I’d had my shop here on Etsy for almost a year, and been a member of POE for nearly as long when I first discovered that POE had a Forum (did I mention I’m a “visual” person?). I scoped it out a bit, and then jumped in with both feet. One of the first people, if not THE first person to engage me in conversation was Ellen, just “Ellen”.
Cher can do it; Madonna can too, so why not Ellen? And ya know, it works for her. You say “Ellen” anywhere around our little community here, and chances are better than average folks will know exactly who you’re referring to. Ellen runs the aptly name shop “TheEye”, and birds and flowers are her bread and butter. That’s not all she shoots of course, but those are her primary interests, and you’d have to look long and hard to find someone that does them better.
She recently agreed to be my second
victim subject and I’d like to share with you a bit of our conversation.
Steve: The first thing that I usually want to know about a photographer whose work I admire is, “Where is this person coming from?” So Ellen, my first question to you is really a statement built around a set of questions. Tell us a bit about yourself; where do you come from? What’s your family like? What do you do when you’re not creating images? Who is Ellen?
Ellen: Well...I come from a paper-mill town in Ontario, Canada named Thunder Bay. I’m from a BIIIIG family, the youngest in a sib line of 6; my family came to Canada from England. My parents (mom’s English, dad’s Scottish) already had 4 kids by the time they emigrated, and then my older sister and I were born here in Canada. I adore my entire family; they’re fun and witty, smart and sarcastic, loving and caring. I have two daughters of my own who are both a) teenagers; b) amazing individuals; and c) finally past that awful stage where mom knows nothing, and might be kind of cool after all.
Lighthouse at Heceta Head
When I’m not creating images I work full time doing medical transcription for a couple of national companies. I live in Kelowna, BC but the clients I work for are big hospitals in Toronto. I've been at this for 19 years, working full time from home for the last 15. When I had my kids, I wanted to raise them myself, and that's exactly what I did. I quit my full time hospital job and started up my home transcription service, so that I could work evenings and nap-times and be home with my kiddies. Once the kids started school, I decided it would be much easier to simply type for a transcription company and let THEM worry about all the details. I doubt I could function in a professional office setting any more. I enjoy my coffee and typing in my PJs. If I wake up with insomnia at 4 am I can start my day. Working from home, in a solitary job, gives you a lot of time to do what you want, hobby-wise and family-wise, but you spend the majority of your time alone. It does, however, afford me a lot of time to daydream, to think and to listen to copious amounts of music, which is vital to my existence.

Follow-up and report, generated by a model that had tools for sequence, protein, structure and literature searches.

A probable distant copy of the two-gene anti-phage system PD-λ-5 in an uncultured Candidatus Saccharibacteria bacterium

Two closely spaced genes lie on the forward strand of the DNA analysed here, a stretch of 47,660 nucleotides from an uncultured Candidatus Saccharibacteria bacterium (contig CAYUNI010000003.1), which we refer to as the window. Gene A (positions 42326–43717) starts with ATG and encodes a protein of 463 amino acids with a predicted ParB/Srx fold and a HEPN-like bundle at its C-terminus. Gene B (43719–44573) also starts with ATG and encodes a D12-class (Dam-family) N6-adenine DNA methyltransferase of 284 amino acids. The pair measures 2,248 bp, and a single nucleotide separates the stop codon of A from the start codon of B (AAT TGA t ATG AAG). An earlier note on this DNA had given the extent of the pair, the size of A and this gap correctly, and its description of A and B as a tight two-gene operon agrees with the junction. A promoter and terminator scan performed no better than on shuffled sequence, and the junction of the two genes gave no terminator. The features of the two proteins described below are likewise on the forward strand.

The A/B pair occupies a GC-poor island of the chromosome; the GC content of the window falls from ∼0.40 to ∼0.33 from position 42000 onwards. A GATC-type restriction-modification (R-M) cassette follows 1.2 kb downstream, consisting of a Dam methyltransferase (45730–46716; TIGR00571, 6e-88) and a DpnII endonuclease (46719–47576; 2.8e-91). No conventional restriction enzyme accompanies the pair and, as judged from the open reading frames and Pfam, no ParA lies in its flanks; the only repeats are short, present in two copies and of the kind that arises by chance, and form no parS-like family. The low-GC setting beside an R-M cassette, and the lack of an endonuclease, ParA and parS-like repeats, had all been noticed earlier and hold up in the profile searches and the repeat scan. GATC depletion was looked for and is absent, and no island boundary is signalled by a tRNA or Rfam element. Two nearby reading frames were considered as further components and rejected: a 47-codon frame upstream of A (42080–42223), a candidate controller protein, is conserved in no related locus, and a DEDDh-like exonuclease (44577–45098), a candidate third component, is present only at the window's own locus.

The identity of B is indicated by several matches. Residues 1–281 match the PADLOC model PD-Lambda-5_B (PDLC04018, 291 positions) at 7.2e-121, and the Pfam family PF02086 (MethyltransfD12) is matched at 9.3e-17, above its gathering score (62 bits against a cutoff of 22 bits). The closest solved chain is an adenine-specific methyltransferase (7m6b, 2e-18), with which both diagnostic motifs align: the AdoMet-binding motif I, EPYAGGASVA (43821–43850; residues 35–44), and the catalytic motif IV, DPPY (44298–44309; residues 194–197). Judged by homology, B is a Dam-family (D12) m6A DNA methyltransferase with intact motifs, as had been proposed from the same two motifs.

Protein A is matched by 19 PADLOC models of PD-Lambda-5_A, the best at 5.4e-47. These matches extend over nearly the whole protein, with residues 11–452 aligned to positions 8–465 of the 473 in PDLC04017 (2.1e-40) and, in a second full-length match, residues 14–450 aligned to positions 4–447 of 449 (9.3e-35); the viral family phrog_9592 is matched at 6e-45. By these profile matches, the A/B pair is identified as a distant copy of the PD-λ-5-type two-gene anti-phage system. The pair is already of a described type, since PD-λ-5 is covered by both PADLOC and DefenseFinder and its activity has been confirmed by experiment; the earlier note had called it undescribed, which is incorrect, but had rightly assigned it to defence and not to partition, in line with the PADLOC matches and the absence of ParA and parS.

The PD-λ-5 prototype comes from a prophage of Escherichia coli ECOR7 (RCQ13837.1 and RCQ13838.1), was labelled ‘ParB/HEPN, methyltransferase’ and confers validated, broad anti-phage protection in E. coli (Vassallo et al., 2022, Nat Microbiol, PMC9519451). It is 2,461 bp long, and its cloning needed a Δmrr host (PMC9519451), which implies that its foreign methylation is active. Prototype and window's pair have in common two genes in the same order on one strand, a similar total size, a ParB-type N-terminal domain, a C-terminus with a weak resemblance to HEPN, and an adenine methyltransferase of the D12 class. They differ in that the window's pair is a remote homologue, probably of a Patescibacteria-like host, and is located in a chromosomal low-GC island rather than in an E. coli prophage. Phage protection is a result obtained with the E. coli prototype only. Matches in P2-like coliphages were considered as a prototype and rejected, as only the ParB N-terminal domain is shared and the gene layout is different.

S: OK, why photography…how did you get your start? Have you had any training or are you self taught?
E: Photography is a way of taking a moment and making it stand still forever, of seeing a beautiful image and being able to share it with the world. I look at things thru a viewfinder on a constant basis ... "oh, that would make a great shot...." Always, there is a bend of the grass or a wisp of the cloud or a shock of brilliant sunset will make me stop in my tracks and reach for my camera.
My eldest sister worked at camera shop when I was a kid; I thought that was the coolest job on the planet! I fell in love with her Nikkormat camera with the hand-made macramé camera strap. She constantly had a camera in her hand back in those days and she took some marvelous pictures; that must have inspired me. I've always been very artistic though; I was that kid at school that people came to "can you draw this for me?"
I'm a bit of a renaissance girl I guess; I love to garden and cook; I paint, I write prose/poetry and draw and doodle. I think being a traditional 'artist' definitely gives me a different insight as a photographer.
As far as training, I consider myself self taught. The only photography instruction I've had was waaaaaay back in high school, grade 12. I used a 35mm Minolta for years. I finally bought a digital camera in October of 2006 and haven't looked back.
S: A “renaissance girl”; I like that! Looking at your work I can see how your interest in other disciplines is reflected in your photography. You shoot a lot of floral and bird images, sprinkled with some still life and landscape images. Talk to me about your creative processes in these different situations. Do you do a lot of preparation or do you rely on serendipity and happenstance?
E: Some of each, but when you are attached at the hip to your camera, is it really happenstance? lol...